Egypt plans to expand the Suez Canal, raising hopes that the end of its economic crisis may be in sight. But some analysts say they expect the project may cost too much and take too long to make life better for everyday Egyptians. VOA's Heather Murdock reports.
Video

Video Threat of Creeping Lava Has Hawaiians on Edge

Residents of the small town of Pahoa on the Big Island of Hawaii face an advancing threat from the Kilauea volcano. Local residents are keeping a watchful eye on creeping lava. Mike O’Sullivan reports.
Video

Video Pro-Kremlin Youth Group Creatively Promotes 'Patriotic' Propaganda

As Russia's President Vladimir Putin faces international pressure over Ukraine and a failing economy, unofficial domestic groups are rallying to his support. One such youth organization, CET, or Network, uses creative multimedia to appeal to Russia's urban youth with patriotic propaganda. VOA's Daniel Schearf reports.
Video

Video Filmmakers Produce Hand-Painted Documentary on Van Gogh

The troubled life of the famous 19th century Dutch painter Vincent van Gogh has been told through many books and films, but never in the way a group of filmmakers now intends to do. "Loving Vincent " will be the first ever feature-length film made of animated hand-painted images, done in the style of the late artist. VOA’s George Putic reports.
Video

Video Issues or Ethnicity? Question Divides Nigeria

As Nigeria goes to the polls next month, many expect the two top presidential contenders to gain much of their support from constituencies organized along ethnic or religious lines. But are faith and regional blocs really what political power in Nigeria is about? Chris Stein reports.
Video

Video Rock-Consuming Organisms Alter Views of Life Processes

Scientists thought they knew much about how life works, until a discovery more than two decades ago challenged conventional beliefs. Scientists found that there are organisms that breathe rocks. And it is only recently that the scientific community is accepting that there are organisms that could get energy out of rocks. Correspondent Elizabeth Lee reports.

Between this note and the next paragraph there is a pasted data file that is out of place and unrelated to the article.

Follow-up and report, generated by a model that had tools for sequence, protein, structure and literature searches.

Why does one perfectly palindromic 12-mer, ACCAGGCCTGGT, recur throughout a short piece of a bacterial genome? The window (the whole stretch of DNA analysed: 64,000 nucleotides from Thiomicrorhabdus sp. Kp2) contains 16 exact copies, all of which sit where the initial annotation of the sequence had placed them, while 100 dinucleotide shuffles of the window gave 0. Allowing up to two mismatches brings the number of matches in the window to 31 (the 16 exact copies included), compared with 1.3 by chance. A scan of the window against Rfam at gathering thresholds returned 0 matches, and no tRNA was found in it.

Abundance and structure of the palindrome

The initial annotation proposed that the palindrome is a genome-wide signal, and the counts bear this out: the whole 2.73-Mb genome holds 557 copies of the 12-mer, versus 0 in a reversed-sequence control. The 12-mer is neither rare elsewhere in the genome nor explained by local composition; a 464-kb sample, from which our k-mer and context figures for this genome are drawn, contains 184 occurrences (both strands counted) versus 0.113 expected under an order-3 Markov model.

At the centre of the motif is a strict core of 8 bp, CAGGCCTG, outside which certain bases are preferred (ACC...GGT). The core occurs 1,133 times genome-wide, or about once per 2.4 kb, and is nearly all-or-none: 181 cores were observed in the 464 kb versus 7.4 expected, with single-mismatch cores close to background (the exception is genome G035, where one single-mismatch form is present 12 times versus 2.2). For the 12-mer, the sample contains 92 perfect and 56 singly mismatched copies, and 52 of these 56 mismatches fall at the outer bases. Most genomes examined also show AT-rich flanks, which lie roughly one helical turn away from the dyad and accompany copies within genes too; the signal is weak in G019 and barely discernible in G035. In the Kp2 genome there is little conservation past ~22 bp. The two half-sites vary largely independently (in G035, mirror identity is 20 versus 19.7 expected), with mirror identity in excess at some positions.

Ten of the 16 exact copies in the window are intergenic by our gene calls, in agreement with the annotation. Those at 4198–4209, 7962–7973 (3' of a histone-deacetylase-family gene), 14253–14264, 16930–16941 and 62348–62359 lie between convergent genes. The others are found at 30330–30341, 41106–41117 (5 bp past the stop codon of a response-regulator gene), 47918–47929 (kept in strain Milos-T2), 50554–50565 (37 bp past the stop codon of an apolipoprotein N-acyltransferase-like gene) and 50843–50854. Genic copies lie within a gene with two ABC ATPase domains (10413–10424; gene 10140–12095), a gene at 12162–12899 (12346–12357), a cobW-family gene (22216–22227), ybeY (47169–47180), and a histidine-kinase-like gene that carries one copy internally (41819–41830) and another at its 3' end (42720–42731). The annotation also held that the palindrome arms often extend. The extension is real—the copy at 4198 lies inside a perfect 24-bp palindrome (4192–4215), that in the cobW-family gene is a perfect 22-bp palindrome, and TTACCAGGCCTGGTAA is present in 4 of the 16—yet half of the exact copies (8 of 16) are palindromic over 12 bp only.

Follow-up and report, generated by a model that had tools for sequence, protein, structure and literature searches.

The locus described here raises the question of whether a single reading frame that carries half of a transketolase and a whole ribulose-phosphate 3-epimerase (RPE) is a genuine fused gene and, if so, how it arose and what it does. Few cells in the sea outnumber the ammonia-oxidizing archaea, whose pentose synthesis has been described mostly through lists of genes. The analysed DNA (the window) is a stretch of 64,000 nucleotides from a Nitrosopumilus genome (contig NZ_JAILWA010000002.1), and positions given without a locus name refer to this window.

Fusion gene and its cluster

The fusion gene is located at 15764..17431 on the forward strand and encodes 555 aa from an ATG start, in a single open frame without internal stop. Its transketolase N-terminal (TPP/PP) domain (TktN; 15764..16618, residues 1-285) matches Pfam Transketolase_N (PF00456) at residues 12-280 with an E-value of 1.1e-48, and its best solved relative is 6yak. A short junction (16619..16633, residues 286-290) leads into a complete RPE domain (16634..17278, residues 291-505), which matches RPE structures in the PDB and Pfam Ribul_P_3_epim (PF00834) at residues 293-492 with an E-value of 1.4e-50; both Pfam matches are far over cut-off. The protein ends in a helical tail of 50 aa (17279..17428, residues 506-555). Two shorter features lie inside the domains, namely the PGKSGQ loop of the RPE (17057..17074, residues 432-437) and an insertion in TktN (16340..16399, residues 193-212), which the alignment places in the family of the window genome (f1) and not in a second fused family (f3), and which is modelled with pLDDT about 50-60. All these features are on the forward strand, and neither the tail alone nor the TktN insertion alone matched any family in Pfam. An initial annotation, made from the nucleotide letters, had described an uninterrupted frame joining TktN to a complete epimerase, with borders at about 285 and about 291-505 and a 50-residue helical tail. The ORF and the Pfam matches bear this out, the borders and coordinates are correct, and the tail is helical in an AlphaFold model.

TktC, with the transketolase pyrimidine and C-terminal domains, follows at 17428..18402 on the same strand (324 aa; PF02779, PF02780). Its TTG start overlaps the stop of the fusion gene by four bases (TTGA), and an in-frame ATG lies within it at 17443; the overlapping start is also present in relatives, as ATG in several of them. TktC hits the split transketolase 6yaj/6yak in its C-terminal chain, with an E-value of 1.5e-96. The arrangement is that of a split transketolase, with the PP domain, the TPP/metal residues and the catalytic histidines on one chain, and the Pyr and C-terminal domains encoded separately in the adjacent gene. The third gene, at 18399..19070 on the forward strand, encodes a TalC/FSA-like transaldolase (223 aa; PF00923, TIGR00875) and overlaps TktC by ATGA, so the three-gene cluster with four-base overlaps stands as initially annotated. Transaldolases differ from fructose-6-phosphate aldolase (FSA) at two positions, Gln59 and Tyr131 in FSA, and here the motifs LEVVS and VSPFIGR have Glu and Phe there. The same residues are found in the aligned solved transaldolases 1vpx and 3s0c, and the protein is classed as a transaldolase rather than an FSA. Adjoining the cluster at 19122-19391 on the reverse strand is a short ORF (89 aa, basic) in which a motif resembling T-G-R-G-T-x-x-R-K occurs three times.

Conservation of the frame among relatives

Video

Video Paris Attacks Highlight Global Weapons Black Market

As law enforcement officials piece together how the Paris and Belgian terror cells carried out their recent attacks, questions are being asked about how they obtained military grade assault weapons - which are illegal in the European Union. As VOA's Jeff Swicord reports, experts say there is a very active worldwide black market for these weapons, and criminals and terrorists are buying.
Video

Video Activists Accuse China of Targeting Religious Freedom

The U.S.-based Chinese religious rights group ChinaAid says 2014 was the worst year for religious freedom in China since the end of the Cultural Revolution. As Ye Fan reports, activists say Beijing has been tightening religious controls ever since Chinese leader Xi Jinping came to office. Hu Wei narrates.
Video

Video Theologians Cast Doubt on Morality of Drone Strikes

In 2006, stirred by photos of U.S. soldiers mistreating Iraqi prisoners, a group of American faith leaders and academics launched the National Religious Campaign Against Torture. It played an important role in getting Congress to investigate, and the president to ban, torture. VOA's Jerome Socolovsky reports.
Video

Video Former Sudan 'Lost Boy' Becomes Chess Master in NYC

In the mid-1980’s, thousands of Sudanese boys escaped the country's civil war by walking for weeks, then months and finally for more than a year, up to 1,500 kilometers across three countries. The so-called Lost Boys of the Sudan had little time for games. But one of them later mastered the game of chess, and now teaches it to children in the New York area. VOA’s Bernard Shusman in New York has his story.
Video

Video NASA Monitors Earth’s Vital Signs From Space

The U.S. space agency, NASA, is wrapping up its busiest 12-month period in more than a decade, with three missions launched in 2014 and two this month, one in early January and the fifth scheduled for January 29. As VOA’s Rosanne Skirble reports, the instruments being lifted into orbit are focused on Earth’s vital life support systems and how they are responding to a warmer planet.

Circumventing Censorship

An Internet Primer for Healthy Web Habits

As surveillance and censoring technologies advance, so, too, do new tools for your computer or mobile device that help protect your privacy and break through Internet censorship.
More

All About America

AppleAndroid